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Self-Identified Sexual Orientation and the Lesbian Earnings Differential

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  • Mary Eschelbach Hansen
  • Michael E. Martell

Abstract

Two decades of research on differences in labor market outcomes by sexual orientation has concluded that lesbian workers earn more than heterosexual women. This research, however, is largely based upon data that do not ask respondents about their own sexual orientation. We are the first to use nationally representative data that includes self-identified sexual orientation. We find evidence of a sizeable wage penalty for self-identified lesbians in 2008 and 2010. We show that using common behavioral proxies for sexual orientation overstates of the earnings of lesbians in some years, but understates it in other years. Using the different methods of identification leads to different conclusions about the way the recession affected lesbians: It took much longer for the wages of self-identified lesbians to recover.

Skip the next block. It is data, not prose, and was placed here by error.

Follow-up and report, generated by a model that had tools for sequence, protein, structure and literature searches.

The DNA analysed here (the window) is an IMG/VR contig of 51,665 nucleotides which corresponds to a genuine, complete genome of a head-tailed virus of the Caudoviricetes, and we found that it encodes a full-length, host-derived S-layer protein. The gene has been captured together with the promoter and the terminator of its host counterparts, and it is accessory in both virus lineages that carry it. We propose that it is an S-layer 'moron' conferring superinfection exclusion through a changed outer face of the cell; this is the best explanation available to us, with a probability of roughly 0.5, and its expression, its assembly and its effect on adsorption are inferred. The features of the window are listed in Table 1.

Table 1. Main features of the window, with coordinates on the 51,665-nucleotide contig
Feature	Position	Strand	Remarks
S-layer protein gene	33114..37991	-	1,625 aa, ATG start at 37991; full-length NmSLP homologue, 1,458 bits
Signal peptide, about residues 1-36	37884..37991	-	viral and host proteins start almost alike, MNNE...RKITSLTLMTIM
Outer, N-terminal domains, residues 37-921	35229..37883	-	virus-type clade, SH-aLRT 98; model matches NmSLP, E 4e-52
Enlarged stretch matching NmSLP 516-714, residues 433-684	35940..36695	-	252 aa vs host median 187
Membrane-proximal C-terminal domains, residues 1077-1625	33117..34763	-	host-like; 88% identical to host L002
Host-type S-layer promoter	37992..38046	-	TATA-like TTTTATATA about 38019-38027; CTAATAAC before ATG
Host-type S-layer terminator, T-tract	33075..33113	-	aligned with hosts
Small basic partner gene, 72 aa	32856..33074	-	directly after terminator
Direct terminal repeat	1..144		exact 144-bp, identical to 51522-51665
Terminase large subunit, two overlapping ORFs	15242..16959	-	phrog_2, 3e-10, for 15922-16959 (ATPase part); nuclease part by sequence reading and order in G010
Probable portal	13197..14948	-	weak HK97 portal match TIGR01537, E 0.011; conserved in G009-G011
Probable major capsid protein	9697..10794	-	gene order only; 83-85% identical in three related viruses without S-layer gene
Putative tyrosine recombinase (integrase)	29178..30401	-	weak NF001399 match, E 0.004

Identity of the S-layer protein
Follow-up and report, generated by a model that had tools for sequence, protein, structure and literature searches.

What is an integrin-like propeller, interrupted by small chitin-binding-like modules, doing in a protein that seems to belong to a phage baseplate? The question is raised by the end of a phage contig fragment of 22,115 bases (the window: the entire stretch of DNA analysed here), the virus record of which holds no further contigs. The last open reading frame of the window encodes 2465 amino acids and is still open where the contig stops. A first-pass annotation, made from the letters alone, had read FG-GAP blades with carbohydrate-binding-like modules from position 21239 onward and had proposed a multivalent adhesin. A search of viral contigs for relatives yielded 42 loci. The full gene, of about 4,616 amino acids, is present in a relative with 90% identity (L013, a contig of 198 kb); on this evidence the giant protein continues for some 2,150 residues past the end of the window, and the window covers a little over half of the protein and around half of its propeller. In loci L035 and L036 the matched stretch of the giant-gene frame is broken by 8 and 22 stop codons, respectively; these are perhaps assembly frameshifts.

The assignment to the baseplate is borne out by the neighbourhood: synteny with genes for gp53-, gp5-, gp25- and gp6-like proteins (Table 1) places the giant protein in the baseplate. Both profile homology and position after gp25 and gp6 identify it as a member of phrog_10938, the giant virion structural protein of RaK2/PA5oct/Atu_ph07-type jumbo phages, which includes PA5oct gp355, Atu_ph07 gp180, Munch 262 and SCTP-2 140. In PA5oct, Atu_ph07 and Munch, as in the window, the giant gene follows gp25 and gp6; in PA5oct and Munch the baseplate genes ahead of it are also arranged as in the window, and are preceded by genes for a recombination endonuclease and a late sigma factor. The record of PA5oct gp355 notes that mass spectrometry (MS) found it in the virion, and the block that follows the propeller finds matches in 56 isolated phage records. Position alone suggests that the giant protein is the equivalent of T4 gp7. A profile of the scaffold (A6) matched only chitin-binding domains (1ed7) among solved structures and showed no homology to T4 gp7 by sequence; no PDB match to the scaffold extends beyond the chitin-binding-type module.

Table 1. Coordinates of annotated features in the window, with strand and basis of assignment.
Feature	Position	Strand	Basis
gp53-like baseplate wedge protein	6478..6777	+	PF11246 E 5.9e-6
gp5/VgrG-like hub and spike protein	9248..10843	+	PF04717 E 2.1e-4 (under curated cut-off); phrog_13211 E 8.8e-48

Suggested Citation

  • Mary Eschelbach Hansen & Michael E. Martell, 2014. "Self-Identified Sexual Orientation and the Lesbian Earnings Differential," Working Papers 2014-13, American University, Department of Economics.
  • Handle: RePEc:amu:wpaper:2014-13
    DOI: 10.17606/5bw1-4h69
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